ART: Scorsese had fun making Wall Street and it shows. David O. Russell seems to be Hollywood’s darling. Alexander Payne and his low key Nebraska effort are the black horse candidates. But, I think Gravity takes it. To see the opening six minutes on Imax was one of the more memorable cinematic experiences of last year. Curaon should take this, and then take less than four years to make his next film.
Who We Want to Win
MALIK: Give it to my man McQueen!
ART: Cuaron. 12 Years had more emotional resonance than Gravity. No doubt. But, Cuaron’s effort was the only one I couldn’t see any of the other directors pulling off. Much respect.
Tomorrow, we cover the Supporting Actor & Actress categories.

‘Wolf of Wall Street’

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I was in as soon as I heard ‘Martin Scorsese’s new film’.  Doesn’t mean I’ll automatically love it (we’ll get to that), but I’ll see what he’s selling.

And Leo.  He’ll always have the blessing and the curse of Titanic, but as an actor, he almost always comes through with the parts (and choices) he makes.  Like DeNiro in his prime, working with Marty doesn’t hurt of course.

So that brings us to Wolf of Wall Street.  Marty and Leo take us through Wall Street before it came crashing down, when an ambitious kid learned how the system work (a great, great two scene contribution from McConaughey), then figures out where the loopholes are and takes advantage (until he inevitably gets caught).  It’s a very modern, American tale of sex, drugs, and rock and roll, with a lot of laughs (enter Jonah Hill) mixed into this ‘new school’ crime tale (this is still Scorsese we’re talking about).

My gripe with this film is a catch 22.  It’s three hours long.  And none of it is bad per se, but it is a 180 minute long movie.  As interesting as I think the world is, do I personally think we needed to stay here for a longer time than we spent with Goodfellas, The Departed, Raging Bull, the Aviator, Casino, or Gangs of New York?  Nope, I’d put all those films ahead of this one.  But who is going to tell Martin Scorsese how long his film needs to be?  Again, I don’t know if anything felt completely out of place, but at say, 2 and a half hours, I think it might have been in the same class as the six films I listed above.  Impossibly high standard I know, but he set it.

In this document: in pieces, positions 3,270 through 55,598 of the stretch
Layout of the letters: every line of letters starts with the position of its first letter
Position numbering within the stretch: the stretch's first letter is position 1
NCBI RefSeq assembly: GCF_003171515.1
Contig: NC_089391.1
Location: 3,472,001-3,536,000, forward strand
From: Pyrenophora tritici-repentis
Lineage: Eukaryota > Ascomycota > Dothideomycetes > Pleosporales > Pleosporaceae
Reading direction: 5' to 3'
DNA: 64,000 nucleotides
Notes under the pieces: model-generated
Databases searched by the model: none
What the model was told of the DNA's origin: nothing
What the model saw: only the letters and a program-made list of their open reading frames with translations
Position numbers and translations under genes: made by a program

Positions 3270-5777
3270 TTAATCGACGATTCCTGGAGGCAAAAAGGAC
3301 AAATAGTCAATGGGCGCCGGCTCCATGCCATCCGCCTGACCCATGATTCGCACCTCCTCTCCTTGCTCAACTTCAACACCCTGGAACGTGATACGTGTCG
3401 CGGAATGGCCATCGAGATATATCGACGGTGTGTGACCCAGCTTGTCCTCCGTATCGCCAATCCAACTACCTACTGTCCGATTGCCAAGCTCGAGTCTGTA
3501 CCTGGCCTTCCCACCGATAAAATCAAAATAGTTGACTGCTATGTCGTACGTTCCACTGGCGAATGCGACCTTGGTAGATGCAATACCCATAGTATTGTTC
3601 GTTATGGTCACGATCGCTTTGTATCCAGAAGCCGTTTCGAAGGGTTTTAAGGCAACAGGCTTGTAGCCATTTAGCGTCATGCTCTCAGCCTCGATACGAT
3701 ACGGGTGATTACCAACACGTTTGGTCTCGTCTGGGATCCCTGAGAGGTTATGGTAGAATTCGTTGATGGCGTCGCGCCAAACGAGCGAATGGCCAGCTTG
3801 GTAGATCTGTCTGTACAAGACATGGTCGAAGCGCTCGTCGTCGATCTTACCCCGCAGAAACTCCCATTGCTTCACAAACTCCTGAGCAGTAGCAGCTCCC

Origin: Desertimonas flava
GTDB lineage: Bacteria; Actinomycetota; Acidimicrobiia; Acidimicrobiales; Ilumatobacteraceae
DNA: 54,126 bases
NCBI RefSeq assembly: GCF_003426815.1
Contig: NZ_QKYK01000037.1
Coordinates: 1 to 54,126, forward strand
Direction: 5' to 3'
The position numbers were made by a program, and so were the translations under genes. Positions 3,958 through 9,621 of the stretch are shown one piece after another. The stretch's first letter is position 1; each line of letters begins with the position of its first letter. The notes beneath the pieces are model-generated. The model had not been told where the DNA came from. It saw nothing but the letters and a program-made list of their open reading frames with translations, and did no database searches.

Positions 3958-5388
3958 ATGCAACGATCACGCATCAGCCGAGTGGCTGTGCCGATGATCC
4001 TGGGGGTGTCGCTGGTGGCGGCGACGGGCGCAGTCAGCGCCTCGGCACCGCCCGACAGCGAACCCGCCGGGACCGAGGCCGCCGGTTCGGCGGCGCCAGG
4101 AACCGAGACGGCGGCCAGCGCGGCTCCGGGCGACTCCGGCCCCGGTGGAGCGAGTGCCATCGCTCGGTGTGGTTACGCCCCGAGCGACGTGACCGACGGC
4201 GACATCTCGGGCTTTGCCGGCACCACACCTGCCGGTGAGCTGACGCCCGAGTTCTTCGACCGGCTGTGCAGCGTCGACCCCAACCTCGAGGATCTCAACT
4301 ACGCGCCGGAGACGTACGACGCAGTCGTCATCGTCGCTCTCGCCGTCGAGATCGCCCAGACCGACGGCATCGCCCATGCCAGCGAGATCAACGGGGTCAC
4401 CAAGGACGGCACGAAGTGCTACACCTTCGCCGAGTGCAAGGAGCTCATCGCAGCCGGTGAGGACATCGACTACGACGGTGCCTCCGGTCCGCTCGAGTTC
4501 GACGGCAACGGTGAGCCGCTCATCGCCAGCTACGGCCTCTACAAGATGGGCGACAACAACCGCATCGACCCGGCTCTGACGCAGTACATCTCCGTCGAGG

Let’s start the run toward this year’s Oscars with a look at a few behind the scenes categories:

Best Adapted Screenplay

  • Who I Want to Win: Don’t really have a dog in this fight, I think they were all pretty well written.
  • Who Should Win: I’ll lean toward ‘Moneyball’ here as the least cinematic idea (building a baseball team with statistics) and turning it into a good film.
  • Who Will Win: I think this is the first of many awards that the Descendants will be taking home.

Best Original Screenplay

  • Who I Want to Win: ‘Bridesmaids’.  Hard for comedies to get props with this group as it is. Kind of surprised it got a nomination to be honest.
  • Who Should Win: The most purely original idea to be honest was ‘the Artist’, but I’d defer to one of my screenwriting friends to tell me if the screenplay was up to snuff.
  • Who Will Win: I think Woody gets some love here…

Best Direction

  • Who I Want to Win: The hardest film (in my opinion) to direct was ‘Hugo’ by a landslide, so I’d say Scorsese.
  • Who Should Win: I’ve said it before but this is as strong a top five as I can remember.  Now if we’re talking personal preference, don’t get me started on ‘Tree of Life’…
  • Who Will Win: Probably the director of ‘the Artist’. Probably…

Tomorrow we’ll cover the Actress categories…

 

Hugo

 

I went into Hugo with literally no expectations.  It was a Scorsese picture, but definitely not a typical “Martin Scorsese’ picture.  It’s a 3D film (bleh) but Hugo is a complete family film (by far the best use for that technology in my opinion).  I came out of Hugo not overwhelmed, but pleasantly surprised that the film I thought I walked into 5 minutes in, morphed into something more ambitious by the time I walked out.

An orphan boy lives in a train station and keeps the clocks tuned.  He’s constantly at odds and on the run from a local shopkeeper (played by Ben Kingsley) who accuses him of theft, and a beat cop (played with subtle humor by Sasha Baron Cohen) whose trying to send him straight to the orphanage.  The story of how these various men (and others) relate to and are connected to each other is charming, and another tribute to the master storytelling ability of Scorsese.  Like any of us have doubted that ability for the past 30 years!

Without giving away the plot points that I didn’t know about walking in, I will say it’s interesting to wonder if this is the direction Scorsese may be going next.  The Departed got him his Oscar but to me that’s not even among his top 3 crime films; recently he’s done more documentaries which are nice change of pace pieces.  Is ‘Marty’ going to take a cue from his buddy DeNiro and start doing more family friendly fare?  Hmm, don’t know how I feel about that but I guess we’ll see.

Regardless Hugo is a nice film that at the moment seems to be stuck in a year (or an awards season at least) of several high quality films.  I guess we’ll see where it lands…